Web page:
Carnivorous plants spreading across the earth, causing terror and destruction? Sounds familiar doesn’t it? No, this isn’t The Day of the Triffids. It’s GREEN The Life Algorithm.
Unfortunately genetically altered vegetation has overwhelmed the earth, and humans have become an endangered species. You play as Zand, who is searching for his father and trying to unravel the mysteries behind the villainous vegetation. He is also partial to sharing his thoughts and insights every now and then to flesh out the story a little more.
Straight away you will notice that GREEN looks really pretty, with hand drawn backgrounds complimenting a cel-shaded foreground. However, the game will occasionally lag for a substantial period when you go to do something as simple as fire your weapon. This can prove deadly depending on the timing. This may just about have been forgivable if it wasn’t for the frequent loading screens that split up the action everytime you leave a room through a doorway.
The music in GREEN The Life Algorithm starts with a very foreboding and eerie tone, but when you start playing it becomes fairly dull and repetitive. It actually devolves into a combination of sound effects rather than an actual soundtrack, something which is on the lacklustre side.
You’re thrown straight into the game, and quickly get shown how to play. A is used to jump, X to shoot and RB in conjunction with the left thumbstick will allow you to aim your shots. They are the basics, however you’ll expand the control layout along with your repertoire of skills as you progress.
This brings me to my main issue with GREEN The Life Algorithm. The controls are, well, a mess really. Your character feels slippery and loose to control, which is not ideal for executing jumps with little margin for error. Not only this, but they can be unresponsive, and see Zand flying off in the wrong direction or falling into a deadly vine pit. This results in things getting frustrating pretty quickly.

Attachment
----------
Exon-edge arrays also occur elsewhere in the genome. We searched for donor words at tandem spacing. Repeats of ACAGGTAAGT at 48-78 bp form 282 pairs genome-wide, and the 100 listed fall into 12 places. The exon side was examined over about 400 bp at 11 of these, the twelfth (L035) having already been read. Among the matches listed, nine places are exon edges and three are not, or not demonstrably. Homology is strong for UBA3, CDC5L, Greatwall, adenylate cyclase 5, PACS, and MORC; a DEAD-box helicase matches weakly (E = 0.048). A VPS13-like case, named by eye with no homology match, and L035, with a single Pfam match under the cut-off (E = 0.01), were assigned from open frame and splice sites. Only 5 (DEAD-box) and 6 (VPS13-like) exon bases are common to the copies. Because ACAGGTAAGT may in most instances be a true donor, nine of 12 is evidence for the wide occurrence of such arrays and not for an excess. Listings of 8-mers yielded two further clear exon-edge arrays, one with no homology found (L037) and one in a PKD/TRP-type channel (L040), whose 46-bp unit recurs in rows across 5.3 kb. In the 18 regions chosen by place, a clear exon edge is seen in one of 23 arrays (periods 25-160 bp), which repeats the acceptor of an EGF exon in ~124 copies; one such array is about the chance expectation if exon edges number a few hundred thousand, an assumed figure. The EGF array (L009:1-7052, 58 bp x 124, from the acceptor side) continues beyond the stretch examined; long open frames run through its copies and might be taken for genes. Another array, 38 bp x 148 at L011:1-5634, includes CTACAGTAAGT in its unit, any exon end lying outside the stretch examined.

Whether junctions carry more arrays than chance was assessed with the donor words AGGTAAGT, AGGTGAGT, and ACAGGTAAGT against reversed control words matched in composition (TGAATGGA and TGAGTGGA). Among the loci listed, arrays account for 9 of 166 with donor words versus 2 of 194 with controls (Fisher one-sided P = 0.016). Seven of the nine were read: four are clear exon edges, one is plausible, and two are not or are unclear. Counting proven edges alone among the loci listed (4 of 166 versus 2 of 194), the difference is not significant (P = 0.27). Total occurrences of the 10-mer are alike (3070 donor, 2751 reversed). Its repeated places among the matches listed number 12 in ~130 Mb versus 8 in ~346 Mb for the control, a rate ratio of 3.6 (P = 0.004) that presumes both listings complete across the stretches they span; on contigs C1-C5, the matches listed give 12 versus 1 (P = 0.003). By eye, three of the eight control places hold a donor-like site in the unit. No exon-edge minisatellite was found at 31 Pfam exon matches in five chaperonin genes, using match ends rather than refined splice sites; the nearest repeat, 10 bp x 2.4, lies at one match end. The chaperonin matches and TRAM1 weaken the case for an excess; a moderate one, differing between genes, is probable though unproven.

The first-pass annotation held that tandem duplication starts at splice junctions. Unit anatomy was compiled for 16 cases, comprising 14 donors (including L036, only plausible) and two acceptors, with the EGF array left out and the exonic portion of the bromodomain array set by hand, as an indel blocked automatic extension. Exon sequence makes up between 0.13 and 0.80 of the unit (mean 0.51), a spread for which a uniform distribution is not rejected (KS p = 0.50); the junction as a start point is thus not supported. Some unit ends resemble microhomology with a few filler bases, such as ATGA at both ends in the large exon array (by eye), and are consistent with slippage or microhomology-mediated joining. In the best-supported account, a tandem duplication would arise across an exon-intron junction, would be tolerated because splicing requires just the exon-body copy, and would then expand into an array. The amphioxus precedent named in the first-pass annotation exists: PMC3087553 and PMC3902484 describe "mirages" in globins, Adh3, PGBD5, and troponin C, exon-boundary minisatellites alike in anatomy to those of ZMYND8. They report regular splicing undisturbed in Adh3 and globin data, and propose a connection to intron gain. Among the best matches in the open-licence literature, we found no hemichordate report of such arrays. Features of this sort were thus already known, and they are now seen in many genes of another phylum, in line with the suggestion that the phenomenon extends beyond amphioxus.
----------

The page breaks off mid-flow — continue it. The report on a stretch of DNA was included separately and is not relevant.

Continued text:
What is particularly infuriating is that vines kill you instantly, and they are everywhere. They can be difficult to see when the screen pans out and thanks to the controls you’ll be killed often, even if you are sure you didn’t touch them. It quickly becomes a test of patience and endurance (namely not hurling the Xbox controller at the wall) rather than skill.
Where most enemies are concerned, it’s a simple case of three hits and you’re dead to start with. Your health is represented by your red triangular bar in the top corner which can be expanded if you collect upgrade orbs. There are healing stations dotted about which are actually pretty redundant. This is mainly because if you die, you’ll start at the beginning of the most recent room with three portions of health restored, usually after a load screen. So in effect you are checkpointed very often. There are no lives, ammo, scores or times to worry about here; it’s simple stripped back platforming.
Now would be a good time to mention that the nasty plants you are pitted against cannot be killed, only temporarily petrified. This is essentially GREEN The Life Algorithm’s unique selling point, if that’s not being too generous. Once petrified, some enemies will be crucial in you being able to progress, usually by them providing a boost to a higher platform. You will encounter the odd boss too, but again you’ll be employing the same tactics that you used to dispatch the smaller enemies.
GREEN The Life Algorithm contains typical platforming ideas, but struggles to implement enough of them well. You acquire abilities as you play, such as being able to wall grab, but it’s all pretty standard stuff. Throwing items is much more difficult then it ought to be as well. This turns the game into a repetitive dungeon crawler whereby you solve each “puzzle” of how to progress in the exact same way over and over again.
When you unlock it, clicking down on the right thumbstick will open up your map and diary. The map is simple enough, but the diary is a nice touch. This acts as a record of any notes, power-ups and enemies you have encountered or collected, and they are illustrated in a pleasing notebook style.
In terms of achievements that are attached to the Xbox version and I’m not sure if the developers were struggling for ideas, however I was shocked to find I was awarded 100 Gamerscore just for starting a new game. And the generosity of cheevo collecting continues throughout, which could be considered good or bad depending on your point of view.
GREEN The Life Algorithm on Xbox One is quite clear it’s about the experience, the look and feel of the game, as opposed to telling an epic tale of good vs evil. There are some basic story elements and a vague sense of mystery, but nothing too gripping. Unfortunately it’s hard to focus on this, as the clunky controls may have you turning from green to red. What results is an average, disjointed experience at best. At £10.49 it’s not the most expensive game out there, however due to the poor controls it’s still difficult to recommend.